For a number of years he represented his native county in Parliament ; and he had thus the gratification of receiving the thanks of the Rouse of Commons in his place as a Member. In 1821, be received the rank of General and the Governorship of Dunbarton Castle.

As years advanced, and the infirmities of age began to accumulate, Lord Lynedoch found the climate of Italy best calculated to sustain his declining energies ; but when the Queen visited Scotland, be came home, for the express purpose of paying his duty to her Majesty in the metropolis of his native Iind.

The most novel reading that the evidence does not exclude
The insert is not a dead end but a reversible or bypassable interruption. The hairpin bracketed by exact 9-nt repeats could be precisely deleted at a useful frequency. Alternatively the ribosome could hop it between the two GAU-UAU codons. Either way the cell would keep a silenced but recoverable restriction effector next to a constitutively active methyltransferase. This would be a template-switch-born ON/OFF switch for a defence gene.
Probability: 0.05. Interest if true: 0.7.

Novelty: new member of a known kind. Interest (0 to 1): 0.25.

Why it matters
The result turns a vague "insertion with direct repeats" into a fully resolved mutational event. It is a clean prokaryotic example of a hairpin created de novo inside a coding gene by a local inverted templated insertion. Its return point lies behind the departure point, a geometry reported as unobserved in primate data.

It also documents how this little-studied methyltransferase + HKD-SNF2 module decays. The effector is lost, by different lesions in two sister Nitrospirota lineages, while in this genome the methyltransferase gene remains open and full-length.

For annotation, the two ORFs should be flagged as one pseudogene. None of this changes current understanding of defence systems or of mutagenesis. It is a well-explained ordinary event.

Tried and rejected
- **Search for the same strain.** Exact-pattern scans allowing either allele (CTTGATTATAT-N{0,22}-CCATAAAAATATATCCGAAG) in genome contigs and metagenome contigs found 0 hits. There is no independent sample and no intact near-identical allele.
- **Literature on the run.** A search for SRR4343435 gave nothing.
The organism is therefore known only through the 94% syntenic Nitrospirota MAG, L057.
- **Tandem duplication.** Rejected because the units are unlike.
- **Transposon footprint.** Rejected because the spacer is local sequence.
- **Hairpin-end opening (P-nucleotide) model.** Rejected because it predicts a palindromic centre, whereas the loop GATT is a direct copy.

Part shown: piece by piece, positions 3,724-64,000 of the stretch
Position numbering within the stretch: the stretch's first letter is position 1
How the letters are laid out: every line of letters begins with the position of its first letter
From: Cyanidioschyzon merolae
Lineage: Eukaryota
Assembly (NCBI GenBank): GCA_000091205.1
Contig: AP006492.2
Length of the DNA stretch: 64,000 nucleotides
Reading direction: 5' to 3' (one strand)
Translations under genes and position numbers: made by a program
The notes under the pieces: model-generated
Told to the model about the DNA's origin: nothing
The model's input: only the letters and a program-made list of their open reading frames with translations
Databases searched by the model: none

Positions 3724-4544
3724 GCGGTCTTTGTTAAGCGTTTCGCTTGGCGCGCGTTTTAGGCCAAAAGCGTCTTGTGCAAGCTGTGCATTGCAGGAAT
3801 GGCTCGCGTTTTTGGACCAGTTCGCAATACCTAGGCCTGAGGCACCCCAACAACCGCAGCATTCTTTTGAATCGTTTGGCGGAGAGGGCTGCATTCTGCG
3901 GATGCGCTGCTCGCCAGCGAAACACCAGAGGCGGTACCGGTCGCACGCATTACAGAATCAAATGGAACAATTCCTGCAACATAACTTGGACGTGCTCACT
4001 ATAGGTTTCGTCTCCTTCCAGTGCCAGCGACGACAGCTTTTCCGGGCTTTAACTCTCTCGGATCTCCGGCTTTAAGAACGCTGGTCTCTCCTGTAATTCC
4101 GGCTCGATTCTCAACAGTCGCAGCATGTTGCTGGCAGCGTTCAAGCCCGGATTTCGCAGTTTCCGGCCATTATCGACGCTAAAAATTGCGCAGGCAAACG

Lord Lynedoch was ninety-three years old when he died; having lived under five Sovereigns. The title is extinct.

Prince Louis Napoleon is said to be passing away his time in cap- tivity by" writing a voluminous work on the condition of the labouring classes in the various countries of Europe" ; having applied to persons in London for accurate information. It is unfortunate that princes are not apt to engage in these useful works when they are in power and are able to do something.